Q: I'll tell you what's wrong with Social Security. I always knew that children of a parent who dies can get Social Security survivor benefits. That makes sense. But I just learned that they recently added benefits for the children of a living retiree. And that makes no sense. No wonder the system is in trouble!

A: Well, let's see. Benefits to the children of retirees have been around since 1939. So, is that what you mean by "recently added"? Anyway, those benefits are based on the same concept discussed in the last two answers: dependency. Once again, the law assumes the guy was supporting those kids while he was working, and now that he's retired, the taxes he paid should go toward supporting his kids with dependent benefits. Two more quick points. I wasn't being sexist by referring to a "guy." Due to obvious biological reasons, it would be very unusual for a woman in her 60s to have a minor child still living at home. Also, even if you still think the children of retirees should not get benefits, you are not going to save Social Security by eliminating them. Those benefits are a tiny drop in Social Security's big bucket.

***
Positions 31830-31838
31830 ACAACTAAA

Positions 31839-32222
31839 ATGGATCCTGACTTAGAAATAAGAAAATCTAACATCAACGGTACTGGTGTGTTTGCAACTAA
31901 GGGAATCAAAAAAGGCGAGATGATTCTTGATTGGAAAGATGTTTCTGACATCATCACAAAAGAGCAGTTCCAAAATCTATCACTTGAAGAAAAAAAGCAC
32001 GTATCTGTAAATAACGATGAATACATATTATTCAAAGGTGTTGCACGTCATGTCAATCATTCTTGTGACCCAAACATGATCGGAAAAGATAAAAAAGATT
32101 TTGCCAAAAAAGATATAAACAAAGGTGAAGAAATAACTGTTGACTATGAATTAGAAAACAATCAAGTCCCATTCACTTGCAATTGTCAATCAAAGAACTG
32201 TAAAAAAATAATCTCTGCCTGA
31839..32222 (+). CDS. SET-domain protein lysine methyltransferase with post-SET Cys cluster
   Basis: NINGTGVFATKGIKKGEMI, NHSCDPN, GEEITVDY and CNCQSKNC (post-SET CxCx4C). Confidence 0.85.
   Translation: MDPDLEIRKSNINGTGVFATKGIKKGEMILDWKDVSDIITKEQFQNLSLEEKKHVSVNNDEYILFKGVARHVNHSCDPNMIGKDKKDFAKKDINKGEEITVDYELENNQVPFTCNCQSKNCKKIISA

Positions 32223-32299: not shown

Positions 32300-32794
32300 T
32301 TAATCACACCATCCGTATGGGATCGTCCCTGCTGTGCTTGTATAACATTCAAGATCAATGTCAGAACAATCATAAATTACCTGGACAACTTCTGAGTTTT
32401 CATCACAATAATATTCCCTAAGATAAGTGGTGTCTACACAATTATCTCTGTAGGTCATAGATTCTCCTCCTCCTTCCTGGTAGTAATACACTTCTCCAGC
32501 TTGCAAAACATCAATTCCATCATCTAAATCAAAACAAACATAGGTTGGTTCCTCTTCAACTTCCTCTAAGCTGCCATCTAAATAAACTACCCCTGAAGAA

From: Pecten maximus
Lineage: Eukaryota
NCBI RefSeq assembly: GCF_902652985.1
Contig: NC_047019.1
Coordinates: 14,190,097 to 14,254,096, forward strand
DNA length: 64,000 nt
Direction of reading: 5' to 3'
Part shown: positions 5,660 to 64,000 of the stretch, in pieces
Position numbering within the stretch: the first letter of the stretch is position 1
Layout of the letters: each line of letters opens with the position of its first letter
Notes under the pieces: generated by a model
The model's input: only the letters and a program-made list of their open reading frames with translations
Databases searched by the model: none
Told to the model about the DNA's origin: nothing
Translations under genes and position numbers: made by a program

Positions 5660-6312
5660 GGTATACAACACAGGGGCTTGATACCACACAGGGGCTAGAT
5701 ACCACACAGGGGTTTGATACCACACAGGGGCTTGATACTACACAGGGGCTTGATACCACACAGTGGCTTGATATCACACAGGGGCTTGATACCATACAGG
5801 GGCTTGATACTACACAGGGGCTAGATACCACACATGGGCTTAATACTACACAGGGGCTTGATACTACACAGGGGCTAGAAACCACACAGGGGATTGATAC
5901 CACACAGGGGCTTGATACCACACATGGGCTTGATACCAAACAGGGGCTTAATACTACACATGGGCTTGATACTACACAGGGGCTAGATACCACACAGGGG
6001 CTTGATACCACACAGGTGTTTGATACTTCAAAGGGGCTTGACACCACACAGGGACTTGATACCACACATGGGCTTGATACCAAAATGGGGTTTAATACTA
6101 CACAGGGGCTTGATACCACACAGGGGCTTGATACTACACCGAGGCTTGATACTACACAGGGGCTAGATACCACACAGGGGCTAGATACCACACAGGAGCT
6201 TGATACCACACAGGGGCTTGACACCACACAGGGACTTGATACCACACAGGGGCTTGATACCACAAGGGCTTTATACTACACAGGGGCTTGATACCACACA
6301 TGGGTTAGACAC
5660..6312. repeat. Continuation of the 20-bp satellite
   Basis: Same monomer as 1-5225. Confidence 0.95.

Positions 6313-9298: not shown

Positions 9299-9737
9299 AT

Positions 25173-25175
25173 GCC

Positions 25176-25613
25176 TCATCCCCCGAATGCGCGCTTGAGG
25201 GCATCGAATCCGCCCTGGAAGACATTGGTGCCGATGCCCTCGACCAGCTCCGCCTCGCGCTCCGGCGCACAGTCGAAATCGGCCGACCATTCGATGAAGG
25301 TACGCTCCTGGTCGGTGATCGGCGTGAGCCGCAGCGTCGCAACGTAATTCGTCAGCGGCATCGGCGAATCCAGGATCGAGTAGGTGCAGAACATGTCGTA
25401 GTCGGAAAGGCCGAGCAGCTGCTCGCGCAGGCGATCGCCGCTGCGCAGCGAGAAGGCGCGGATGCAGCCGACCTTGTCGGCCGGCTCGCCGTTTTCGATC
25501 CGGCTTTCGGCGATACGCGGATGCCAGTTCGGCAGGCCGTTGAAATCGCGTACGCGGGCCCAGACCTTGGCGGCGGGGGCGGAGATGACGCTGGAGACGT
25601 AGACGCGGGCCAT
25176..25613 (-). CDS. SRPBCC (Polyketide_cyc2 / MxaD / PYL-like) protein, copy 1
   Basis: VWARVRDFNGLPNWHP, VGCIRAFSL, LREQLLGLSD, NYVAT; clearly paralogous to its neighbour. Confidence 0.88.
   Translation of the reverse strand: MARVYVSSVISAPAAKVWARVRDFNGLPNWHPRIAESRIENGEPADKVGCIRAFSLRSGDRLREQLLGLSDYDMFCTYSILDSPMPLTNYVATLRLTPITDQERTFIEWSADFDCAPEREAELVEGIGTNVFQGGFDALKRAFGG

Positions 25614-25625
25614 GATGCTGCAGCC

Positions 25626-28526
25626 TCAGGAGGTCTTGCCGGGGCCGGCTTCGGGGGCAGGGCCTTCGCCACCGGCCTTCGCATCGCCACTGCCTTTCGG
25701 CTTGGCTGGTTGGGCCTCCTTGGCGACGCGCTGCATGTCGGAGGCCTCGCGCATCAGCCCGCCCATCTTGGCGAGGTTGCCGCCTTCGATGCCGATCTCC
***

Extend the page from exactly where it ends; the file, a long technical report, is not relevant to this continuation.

Q: I'll tell you what's wrong with Social Security. Most people might not know this, but Social Security benefit calculations are always rounded down. This is a sneaky process the bureaucrats invented to cheat senior citizens out of the money they are rightfully due!

A: Government employees don't have the authority to do things like this. But Congress does. Back in the 1980s, they were looking for ways to cut down on government spending. They came up with the idea of rounding down the "cents" part of all Social Security calculations. So, for example, if your actual benefit amount comes out to $2,854.32, that will be rounded down to $2,854. Those pennies add up to millions of dollars in savings for the government every year.

If you have a Social Security question, Tom Margenau has the answer. Contact him at [email protected] To find out more about Tom Margenau and to read past columns and see features from other Creators Syndicate writers and cartoonists, visit the Creators Syndicate website at www.creators.com.

Photo credit: pixelcreatures at Pixabay